State capture ‘fall guy’ denies wrongdoing over Gupta landing at Waterkloof
Former head of state protocol says he was told a ministerial delegation from India was arriving in SA
Former head of state protocol Bruce Koloane has denied any wrongdoing in the landing of a privately chartered airplane by the Gupta family at the Waterkloof air force base in 2013.
Koloane, who was suspended from the position and later appointed SA’s ambassador to the Netherlands by former president Jacob Zuma, described to the state capture inquiry on Monday his version of events leading up to the controversial landing.
The Gupta family flew in about 80 guests to a lavish family wedding at Sun City. The landing at the air force base has been credited with bringing to greater public attention the alleged influence of the family on the Zuma administration.
Koloane has been at the centre of allegations set out by various witnesses before the commission over the past two weeks. They alleged that Koloane put pressure on them to approve the landing without proper processes being followed.
His involvement is also among the findings of an investigating team of security cluster officials who were put in charge of probing the controversial landing at the time. The investigating team comprised Zuma allies Thulani Dlomo from the State Security Agency and Tom Moyane, who was the national commissioner of correctional services at the time.
The team exonerated Zuma despite an alleged reference to him by Koloane in recordings. This led to speculation that Koloane was the “fall guy” for the incident.
Koloane told the commission on Monday that he was told a ministerial delegation from India was arriving in SA and had requested permission to land at the air force base.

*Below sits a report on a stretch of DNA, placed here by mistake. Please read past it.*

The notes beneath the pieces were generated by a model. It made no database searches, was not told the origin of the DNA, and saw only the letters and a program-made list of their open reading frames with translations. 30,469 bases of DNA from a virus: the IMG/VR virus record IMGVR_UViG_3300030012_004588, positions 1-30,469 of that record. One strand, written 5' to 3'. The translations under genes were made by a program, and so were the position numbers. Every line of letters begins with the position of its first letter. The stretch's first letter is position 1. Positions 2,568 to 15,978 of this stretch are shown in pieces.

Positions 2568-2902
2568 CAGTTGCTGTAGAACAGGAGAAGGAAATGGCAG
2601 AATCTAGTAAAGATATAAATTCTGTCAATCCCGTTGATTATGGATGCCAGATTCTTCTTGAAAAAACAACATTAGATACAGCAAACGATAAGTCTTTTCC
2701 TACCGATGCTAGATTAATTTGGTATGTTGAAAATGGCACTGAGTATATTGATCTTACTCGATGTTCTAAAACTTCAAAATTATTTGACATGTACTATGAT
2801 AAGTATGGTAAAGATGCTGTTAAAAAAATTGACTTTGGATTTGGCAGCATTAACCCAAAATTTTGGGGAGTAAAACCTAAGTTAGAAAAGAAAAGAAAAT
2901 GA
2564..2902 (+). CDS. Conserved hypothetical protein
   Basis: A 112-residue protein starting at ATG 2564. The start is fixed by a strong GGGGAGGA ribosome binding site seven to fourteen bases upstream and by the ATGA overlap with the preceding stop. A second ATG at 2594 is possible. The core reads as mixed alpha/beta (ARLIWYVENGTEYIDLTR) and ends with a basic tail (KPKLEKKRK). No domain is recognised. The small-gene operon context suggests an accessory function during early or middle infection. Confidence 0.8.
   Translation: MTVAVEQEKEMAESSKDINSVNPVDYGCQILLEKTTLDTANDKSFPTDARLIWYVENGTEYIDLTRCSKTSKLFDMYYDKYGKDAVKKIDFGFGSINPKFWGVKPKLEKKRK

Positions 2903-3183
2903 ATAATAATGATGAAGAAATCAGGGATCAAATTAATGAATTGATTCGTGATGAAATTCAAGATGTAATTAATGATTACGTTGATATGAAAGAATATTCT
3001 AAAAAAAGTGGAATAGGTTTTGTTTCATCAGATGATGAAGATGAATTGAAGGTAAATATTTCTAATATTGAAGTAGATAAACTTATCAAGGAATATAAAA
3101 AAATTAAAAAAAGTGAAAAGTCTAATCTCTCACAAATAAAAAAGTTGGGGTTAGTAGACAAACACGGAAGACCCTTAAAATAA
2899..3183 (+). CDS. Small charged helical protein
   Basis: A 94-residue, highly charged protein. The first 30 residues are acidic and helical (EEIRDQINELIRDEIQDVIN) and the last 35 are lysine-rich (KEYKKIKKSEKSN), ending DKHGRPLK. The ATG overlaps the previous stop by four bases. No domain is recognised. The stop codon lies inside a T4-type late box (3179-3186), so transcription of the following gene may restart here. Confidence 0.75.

“I came to know about the request for the landing when former Indian high commissioner Virendra Gupta called me and informed me they had applied for a flight clearance for landing at Waterkloof, and it had been six days and they have not received a response. He told me it was for a ministerial delegation,” he said.
"The first thing I did was to call my PA (personal assistant). I said to her that I just got a call from [Virendra Gupta] who was complaining.” He said he asked his PA if she could follow-up with the relevant official who dealt with these issues.
“I was under the assumption that the Indian high commission had submitted all the documents [to the department of international relations and co-operation]."
It is believed that the former Indian high commissioner does not share any relation with the controversial state capture-implicated Gupta family, even though they share the same surname.
Koloane said his assistant told him that the department did not know about a submission by the Indian high commission. When he called the high commission, it said the submission was sent to the department of defence.
“I then asked to be given the number and the name of who they sent it to so I could then call,” Koloane told the commission.
He said he was put in touch with command centre flight post officer Thabo Ntshisi. Ntshisi told the commission last week that Koloane pressured him to allow the flight to land.
“I had no sight of any documentation. I said to him [Ntshisi], ‘please can you help because the [high commission] is on my case. Can you please process this application.’ I was out of my office ... I think he [Ntshisi] was already aware of the application, that’s the impression I got,” Koloane said.
“All I remember saying [was that] if there is an issue with the application, revert back to the [high commission].”
The commission previously saw evidence in the form of an e-mail from Koloane’s personal assistant sent to various senior officials. In the e-mail, Koloane is said to have approved the landing.
“I take note of the e-mail my PA sent, which was either a misunderstanding on her side or my failure to explain it properly to her … because the e-mail she then sent approves the landing of the flight ... which I don’t have the authority to do. I had no legal mandate whatsoever to dictate to any government department,” Koloane said.